If Merck's (NYSE:MRK) and co-developer Ridgeback Biotherapeutics' clinical-stage COVID-19 drug molnupiravir secures Food and Drug Administration approval, the U.S. government has agreed to purchase 1.7 billion doses at a cost of $1.2 billion.

Rolled up U.S. $100 bills sit next to pill bottles.

Image source: Getty Images.

The billion-dollar COVID supply deal follows in the footsteps of previous agreements between the U.S. and drugmakers developing vaccines and treatments targeting the coronavirus. In January, the U.S. Department of Health and Human Services and the Department of Defense agreed to spend up to $2.625 billion for all of the finished doses of Regeneron Pharmaceutical's (NASDAQ:REGN) infused, antiviral cocktail by June 30.

Molnupiravir is an orally administered form of a ribonucleoside analog designed to prevent replication of RNA viruses responsible for causing COVID. In April, Merck announced positive data in a phase 2 clinical trial evaluating its use in non-hospitalized patients, prompting it to advance the twice-daily 800-mg dose into phase 3 trials. Phase 3 will determine if molnupiravir reduces the risk of hospitalization or death caused by COVID in patients who have had symptoms for five days or less and who are at the greatest risk of developing severe symptoms, such as the elderly or those with diabetes.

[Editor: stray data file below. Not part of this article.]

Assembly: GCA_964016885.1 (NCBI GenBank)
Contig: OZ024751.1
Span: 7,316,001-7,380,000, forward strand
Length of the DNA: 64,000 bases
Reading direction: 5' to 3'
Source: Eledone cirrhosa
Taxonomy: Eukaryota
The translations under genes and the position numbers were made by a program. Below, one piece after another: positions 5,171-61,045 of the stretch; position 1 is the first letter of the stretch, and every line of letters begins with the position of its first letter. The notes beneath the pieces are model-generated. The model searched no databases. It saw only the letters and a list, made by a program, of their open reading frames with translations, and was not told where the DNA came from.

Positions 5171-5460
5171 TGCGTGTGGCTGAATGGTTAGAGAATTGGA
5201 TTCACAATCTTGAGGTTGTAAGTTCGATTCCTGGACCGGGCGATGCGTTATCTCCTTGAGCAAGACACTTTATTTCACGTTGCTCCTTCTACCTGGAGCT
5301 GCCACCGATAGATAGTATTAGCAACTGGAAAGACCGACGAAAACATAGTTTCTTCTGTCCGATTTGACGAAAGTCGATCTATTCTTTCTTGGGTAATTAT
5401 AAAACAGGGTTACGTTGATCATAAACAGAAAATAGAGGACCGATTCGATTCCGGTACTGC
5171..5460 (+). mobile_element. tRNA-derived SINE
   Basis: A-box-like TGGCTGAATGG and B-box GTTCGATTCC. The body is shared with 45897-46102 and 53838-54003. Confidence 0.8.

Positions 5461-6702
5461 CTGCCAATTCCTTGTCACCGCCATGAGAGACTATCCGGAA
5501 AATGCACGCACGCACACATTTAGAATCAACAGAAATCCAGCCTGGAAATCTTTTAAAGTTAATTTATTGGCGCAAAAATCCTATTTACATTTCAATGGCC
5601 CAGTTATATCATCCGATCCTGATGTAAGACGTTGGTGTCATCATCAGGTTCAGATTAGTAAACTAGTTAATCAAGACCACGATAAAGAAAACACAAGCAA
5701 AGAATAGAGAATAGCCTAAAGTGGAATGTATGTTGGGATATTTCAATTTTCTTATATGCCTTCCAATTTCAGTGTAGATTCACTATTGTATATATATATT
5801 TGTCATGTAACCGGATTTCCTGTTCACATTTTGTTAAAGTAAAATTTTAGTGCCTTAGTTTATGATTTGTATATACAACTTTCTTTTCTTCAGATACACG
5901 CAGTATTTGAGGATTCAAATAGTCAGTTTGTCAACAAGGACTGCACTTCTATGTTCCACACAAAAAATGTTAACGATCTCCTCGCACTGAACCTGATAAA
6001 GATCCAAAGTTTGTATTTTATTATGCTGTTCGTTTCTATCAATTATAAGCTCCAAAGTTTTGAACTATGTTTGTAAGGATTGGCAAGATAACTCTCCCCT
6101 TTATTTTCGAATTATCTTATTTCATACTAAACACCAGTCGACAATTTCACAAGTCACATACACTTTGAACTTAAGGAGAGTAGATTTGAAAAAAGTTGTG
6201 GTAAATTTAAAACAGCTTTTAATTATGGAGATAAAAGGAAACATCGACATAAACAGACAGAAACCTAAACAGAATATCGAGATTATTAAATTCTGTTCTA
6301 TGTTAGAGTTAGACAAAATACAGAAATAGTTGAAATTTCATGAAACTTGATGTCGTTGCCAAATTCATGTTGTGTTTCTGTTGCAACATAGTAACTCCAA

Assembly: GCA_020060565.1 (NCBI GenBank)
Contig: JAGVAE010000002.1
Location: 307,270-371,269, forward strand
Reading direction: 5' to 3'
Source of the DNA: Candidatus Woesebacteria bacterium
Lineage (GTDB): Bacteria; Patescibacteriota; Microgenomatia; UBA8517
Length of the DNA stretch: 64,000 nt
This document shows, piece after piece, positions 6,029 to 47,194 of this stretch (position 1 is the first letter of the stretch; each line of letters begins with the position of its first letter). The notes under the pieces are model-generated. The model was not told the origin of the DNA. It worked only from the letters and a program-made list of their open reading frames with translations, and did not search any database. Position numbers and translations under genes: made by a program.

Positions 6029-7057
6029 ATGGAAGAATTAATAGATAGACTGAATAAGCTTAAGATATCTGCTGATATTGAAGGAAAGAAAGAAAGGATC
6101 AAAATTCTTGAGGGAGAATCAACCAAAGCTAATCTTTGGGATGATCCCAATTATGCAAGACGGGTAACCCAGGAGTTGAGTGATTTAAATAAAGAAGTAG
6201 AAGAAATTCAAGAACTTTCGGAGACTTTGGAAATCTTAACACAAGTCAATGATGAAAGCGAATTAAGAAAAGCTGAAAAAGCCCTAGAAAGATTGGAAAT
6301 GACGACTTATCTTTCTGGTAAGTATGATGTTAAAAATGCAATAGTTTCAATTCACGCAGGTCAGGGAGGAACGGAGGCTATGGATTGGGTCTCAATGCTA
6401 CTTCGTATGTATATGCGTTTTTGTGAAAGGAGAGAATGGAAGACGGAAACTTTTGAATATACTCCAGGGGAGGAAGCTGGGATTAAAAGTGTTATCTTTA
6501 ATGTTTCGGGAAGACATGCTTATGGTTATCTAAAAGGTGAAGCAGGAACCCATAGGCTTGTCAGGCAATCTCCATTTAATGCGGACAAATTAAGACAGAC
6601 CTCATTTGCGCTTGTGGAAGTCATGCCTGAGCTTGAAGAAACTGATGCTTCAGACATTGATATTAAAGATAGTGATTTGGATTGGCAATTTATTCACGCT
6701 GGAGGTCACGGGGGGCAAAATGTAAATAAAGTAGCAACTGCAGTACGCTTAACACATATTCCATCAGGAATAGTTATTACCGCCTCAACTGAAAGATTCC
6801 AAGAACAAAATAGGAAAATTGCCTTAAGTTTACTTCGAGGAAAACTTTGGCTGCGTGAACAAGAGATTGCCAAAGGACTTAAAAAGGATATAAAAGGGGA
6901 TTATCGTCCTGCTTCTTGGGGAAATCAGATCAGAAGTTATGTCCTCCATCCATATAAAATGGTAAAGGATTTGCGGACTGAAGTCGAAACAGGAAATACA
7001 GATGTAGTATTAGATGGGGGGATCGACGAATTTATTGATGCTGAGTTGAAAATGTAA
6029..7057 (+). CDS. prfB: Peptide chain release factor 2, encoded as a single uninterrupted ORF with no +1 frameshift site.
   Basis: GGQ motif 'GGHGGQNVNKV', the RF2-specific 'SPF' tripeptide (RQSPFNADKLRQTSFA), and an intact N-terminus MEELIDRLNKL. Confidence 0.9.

The U.S. government's agreement only kicks in if molnupiravir's trial proves it is effective and safe enough to receive FDA Emergency Use Authorization or approval. The results from Merck's phase 3 study are expected in September or October. 

 
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